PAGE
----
To get going at St. Andrew’s, we plugged into a group called the San Pablo Corridor Coalition, which has been going down to that park every Saturday for the last three years. They get their equipment from the City, which supposedly has a near-limitless volunteer tool supply depot (and which actually makes it very easy to access and use them). The SPCC people were more than happy to have Occupy Oakland on board, and each week so far we’ve brought about five to eight Occupiers down to the park, in addition to the SPCC’s usual near-equivalent amount. This is a perfect example of the ease of community organizing, at least when it comes to Occupy Oakland. Most of the time it seems like 90% of the work’s already been done for us, and all it takes is speaking with the right people and calling the right phone numbers. After that, the Occupy Oakland name pretty much speaks for itself. For good or ill. Everybody pays attention when OO comes to town, and in most cases everybody knows that the media won’t be far behind. I guess after that it’s just up to us not to embarrass ourselves.

Which, sad to say, is going to be a growing concern going forward. Nobody should be arrested on an OO Brooms action, in my opinion, and nobody should have to get in shouting matches. We are there to do a good, and to demonstrate our ability to do a good. Providing services for free, inclusively and with community involvement, should be radical enough. But it seems like every day something else happens with OO that needs to be explained or defended. In-fighting of the worst kind (which, thank the Gods, did not receive any kind of mainstream media attention). A few days ago a woman was harassed, assaulted, and robbed at a protest outside of a Wells Fargo branch on Piedmont Avenue, because she spoke up about her grievances about OO and our tactics. She was surrounded and punched and her wallet was taken from her purse, and a Barack Obama pin from her shirt. Three protesters were arrested and charged with robbery and committing a hate crime, because they made derogatory remarks about her perceived sexuality. Right now the story is number two on the Oakland Tribune’s most read stories section on its website. An absolute gift to OO’s enemies, that is impossible to refute, but can only be acknowledged. [Note: After writing this piece, I have since spoken to OO’ers who say that the hate crime charges are hugely trumped up and the robbery charges fraudulent — while the former sounds plausible to me I remain skeptical about the latter — according to one of the protesters’ lawyers, they only used the sexually derogatory term after the woman had used a racial slur against them]. There is a real fury in some elements of Occupy Oakland that is absolutely unpredictable and uncontrollable. While it’s terrible, and can be genuinely frightening, I can’t help but find it a little beautiful as well, at least in its purity, in its inability to be anything but what it is. In a lot of ways, and for a lot of people, Oakland is a very ugly place. Any movement that honestly represents it will necessarily be a little ugly itself.

So far the Occupy Brooms people are generally of a less confrontational bent. It’s hard to find occasion to get in hand to hand confrontation when you’re sweeping up a street. Thank God. But if we are to have a real impact, we will have to bring in more people, and we will have to start taking more risks. And it may be difficult to keep things from spinning off the rails.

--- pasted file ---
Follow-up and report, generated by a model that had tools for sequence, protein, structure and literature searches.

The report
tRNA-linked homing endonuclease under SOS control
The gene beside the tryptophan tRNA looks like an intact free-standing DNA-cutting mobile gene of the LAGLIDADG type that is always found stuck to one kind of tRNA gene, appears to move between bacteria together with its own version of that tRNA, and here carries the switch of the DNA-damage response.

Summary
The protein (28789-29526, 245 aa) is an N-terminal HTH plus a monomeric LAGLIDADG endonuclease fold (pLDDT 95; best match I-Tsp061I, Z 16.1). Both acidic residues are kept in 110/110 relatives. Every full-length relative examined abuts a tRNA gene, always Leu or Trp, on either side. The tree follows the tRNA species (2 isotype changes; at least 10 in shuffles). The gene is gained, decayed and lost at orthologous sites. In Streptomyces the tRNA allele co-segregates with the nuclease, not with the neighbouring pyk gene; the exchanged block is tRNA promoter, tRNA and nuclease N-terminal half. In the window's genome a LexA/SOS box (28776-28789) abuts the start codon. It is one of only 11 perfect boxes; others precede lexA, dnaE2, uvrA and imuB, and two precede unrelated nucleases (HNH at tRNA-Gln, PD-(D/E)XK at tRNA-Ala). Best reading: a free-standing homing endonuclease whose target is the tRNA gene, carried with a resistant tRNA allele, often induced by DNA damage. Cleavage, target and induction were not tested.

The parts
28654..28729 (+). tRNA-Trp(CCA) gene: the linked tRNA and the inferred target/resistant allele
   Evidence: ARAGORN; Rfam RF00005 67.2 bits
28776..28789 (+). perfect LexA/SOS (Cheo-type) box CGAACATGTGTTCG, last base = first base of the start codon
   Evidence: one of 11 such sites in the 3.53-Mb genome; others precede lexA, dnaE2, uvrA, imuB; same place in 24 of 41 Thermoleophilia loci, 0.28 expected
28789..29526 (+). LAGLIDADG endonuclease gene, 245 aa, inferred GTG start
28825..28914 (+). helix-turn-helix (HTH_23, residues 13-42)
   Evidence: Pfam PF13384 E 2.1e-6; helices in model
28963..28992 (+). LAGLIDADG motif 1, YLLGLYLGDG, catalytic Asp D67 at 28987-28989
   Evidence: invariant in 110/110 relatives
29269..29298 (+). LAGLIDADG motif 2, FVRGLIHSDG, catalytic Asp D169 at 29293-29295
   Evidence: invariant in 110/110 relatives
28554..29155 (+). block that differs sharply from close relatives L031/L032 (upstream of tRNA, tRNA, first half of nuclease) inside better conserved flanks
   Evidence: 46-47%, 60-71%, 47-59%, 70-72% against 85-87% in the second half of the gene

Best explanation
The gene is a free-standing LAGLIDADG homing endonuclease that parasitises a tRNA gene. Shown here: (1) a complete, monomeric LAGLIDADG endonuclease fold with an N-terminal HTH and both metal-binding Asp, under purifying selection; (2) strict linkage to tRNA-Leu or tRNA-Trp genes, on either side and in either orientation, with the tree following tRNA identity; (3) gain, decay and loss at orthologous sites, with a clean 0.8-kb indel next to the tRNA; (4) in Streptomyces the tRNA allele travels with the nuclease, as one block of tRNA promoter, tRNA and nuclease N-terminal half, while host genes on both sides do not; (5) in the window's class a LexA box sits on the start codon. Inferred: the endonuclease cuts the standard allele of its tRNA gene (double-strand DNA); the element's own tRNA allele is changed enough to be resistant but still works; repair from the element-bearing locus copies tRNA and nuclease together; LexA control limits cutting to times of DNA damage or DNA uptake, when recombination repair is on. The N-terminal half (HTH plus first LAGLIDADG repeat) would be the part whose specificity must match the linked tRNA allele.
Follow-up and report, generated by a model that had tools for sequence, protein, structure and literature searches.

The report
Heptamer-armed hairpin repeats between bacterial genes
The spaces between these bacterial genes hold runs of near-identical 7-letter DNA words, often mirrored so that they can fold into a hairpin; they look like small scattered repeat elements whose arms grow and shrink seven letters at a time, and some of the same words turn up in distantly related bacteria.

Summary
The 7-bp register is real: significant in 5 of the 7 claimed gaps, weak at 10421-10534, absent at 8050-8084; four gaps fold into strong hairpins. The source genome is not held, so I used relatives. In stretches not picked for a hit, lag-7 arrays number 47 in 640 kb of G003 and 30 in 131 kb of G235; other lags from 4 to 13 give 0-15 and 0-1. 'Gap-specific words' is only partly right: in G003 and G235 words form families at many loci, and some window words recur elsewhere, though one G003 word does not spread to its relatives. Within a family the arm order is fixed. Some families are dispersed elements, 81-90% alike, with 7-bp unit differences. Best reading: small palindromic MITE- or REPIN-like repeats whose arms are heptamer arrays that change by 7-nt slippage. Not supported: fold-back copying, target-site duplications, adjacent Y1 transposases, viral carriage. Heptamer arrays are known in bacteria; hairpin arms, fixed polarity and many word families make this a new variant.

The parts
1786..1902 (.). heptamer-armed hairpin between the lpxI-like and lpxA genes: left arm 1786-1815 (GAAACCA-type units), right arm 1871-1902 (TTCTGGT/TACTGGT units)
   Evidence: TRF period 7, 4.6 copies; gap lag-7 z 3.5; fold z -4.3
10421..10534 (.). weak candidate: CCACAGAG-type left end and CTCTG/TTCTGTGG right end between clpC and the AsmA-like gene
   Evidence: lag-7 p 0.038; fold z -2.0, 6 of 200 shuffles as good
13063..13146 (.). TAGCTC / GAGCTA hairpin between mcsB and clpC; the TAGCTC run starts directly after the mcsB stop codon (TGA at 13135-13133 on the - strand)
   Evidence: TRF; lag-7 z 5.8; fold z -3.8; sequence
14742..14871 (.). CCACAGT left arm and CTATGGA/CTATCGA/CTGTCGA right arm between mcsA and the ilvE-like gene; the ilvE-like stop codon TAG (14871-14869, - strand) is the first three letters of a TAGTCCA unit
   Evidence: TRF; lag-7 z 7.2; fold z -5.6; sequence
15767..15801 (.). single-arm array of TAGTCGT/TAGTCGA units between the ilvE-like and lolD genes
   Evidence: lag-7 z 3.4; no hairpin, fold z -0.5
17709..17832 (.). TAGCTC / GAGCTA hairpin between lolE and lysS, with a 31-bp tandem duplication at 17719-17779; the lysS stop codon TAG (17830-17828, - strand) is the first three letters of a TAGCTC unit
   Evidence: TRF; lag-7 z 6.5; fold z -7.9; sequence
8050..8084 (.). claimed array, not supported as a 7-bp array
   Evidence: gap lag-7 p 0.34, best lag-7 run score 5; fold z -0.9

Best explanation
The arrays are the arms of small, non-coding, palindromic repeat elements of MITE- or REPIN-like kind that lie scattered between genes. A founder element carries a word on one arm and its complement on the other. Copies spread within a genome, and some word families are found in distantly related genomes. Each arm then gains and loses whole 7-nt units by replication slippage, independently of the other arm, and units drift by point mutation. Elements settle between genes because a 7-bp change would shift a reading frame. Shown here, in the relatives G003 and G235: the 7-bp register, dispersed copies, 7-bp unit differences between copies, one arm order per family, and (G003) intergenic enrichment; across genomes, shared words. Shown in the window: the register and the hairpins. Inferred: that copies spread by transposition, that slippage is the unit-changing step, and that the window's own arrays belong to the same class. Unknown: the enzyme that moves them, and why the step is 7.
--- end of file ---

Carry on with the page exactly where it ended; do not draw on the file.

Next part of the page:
A lot of our members are really excited about establishing a community garden, for instance. Okay, this doesn’t sound so bad. There are already dozens of community gardens around the city, and a lot of them are largely volunteer-staffed. But then the first thing a lot of people are going to ask is “can we set up tents?” My own answer would be a resounding “No!” A community garden. A COMMUNITY garden, will be, well, in the community, with neighbors with families and children. They should not be forced to live with the fear of tear gas or unruly rallies going on into the night. But I believe these issues can be worked out as we go. I don’t think it will be too hard to make people respect a few ground rules, to make this action a little different. And one of the benefits of community gardens, is that everybody likes working in them. And another good thing, apparently there are about 15 vacant lots in West Oakland, which would be ideal for the purpose. They have been effectively abandoned by their owners, and the city would be only too happy to have somebody take it off their hands. One of them is right next door to the home of Alex, a SPCC board member who has been instrumental in getting us to work at St. Andrew’s and other nearby cleaning sites. The space is in the heart of West Oakland. It’s residential, and it’s quiet. There will be plenty of people to serve, and we would help to bring the whole area up just a little. If we do it right, it would be perfect. There are planning meetings upcoming. Further developments forthcoming.

Me, I’m just glad that my group’s getting off the ground. I love it. I really do. I enjoy debate and I enjoy coming up with ideas. I enjoy convincing people that I’m right, and I enjoy finding common ground in a productive fashion. But what I’m really looking forward to is trying my hand at our first big action, which we just today decided to implement. March 31st is Cesar Chavez Day, where, traditionally, there are speak-outs and education seminars, and children in public schools everywhere learn about the life of the famed labor leader. Perfect. We intend to do the full court OO press. Print flyers, generate a GA proposal, hold specialized meetings, and organize logistics. Get it on the OO events calendar. Past the surely endless discussions, the controversies, the generating of statements and press releases, the politicking and the arguing, deciding which projects to embark upon may be our hardest task. Because there is no lack of work to be done, and that’s to put it mildly. There are no city-employed litter pickers in the city. There is no lack of pollution, anywhere. Alex has 20 potted trees in his back yard that we can plant. We can clean up St. Andrew’s, like we always do. We can get some people to work establishing the community garden. And we can see what else comes forward. Tomorrow I’m meeting with some people from the Western Service Worker’s Association. They apparently canvass neighborhoods on a regular basis. Pastor Rainey, at the church down the street from St. Andrew’s, might have some ideas as well. We’ll need to find connections in the communities to move forward, people who live nearby who can take the lead and tell us where to go. Somehow, based on my experiences so far, I don’t think that this is going to be very hard.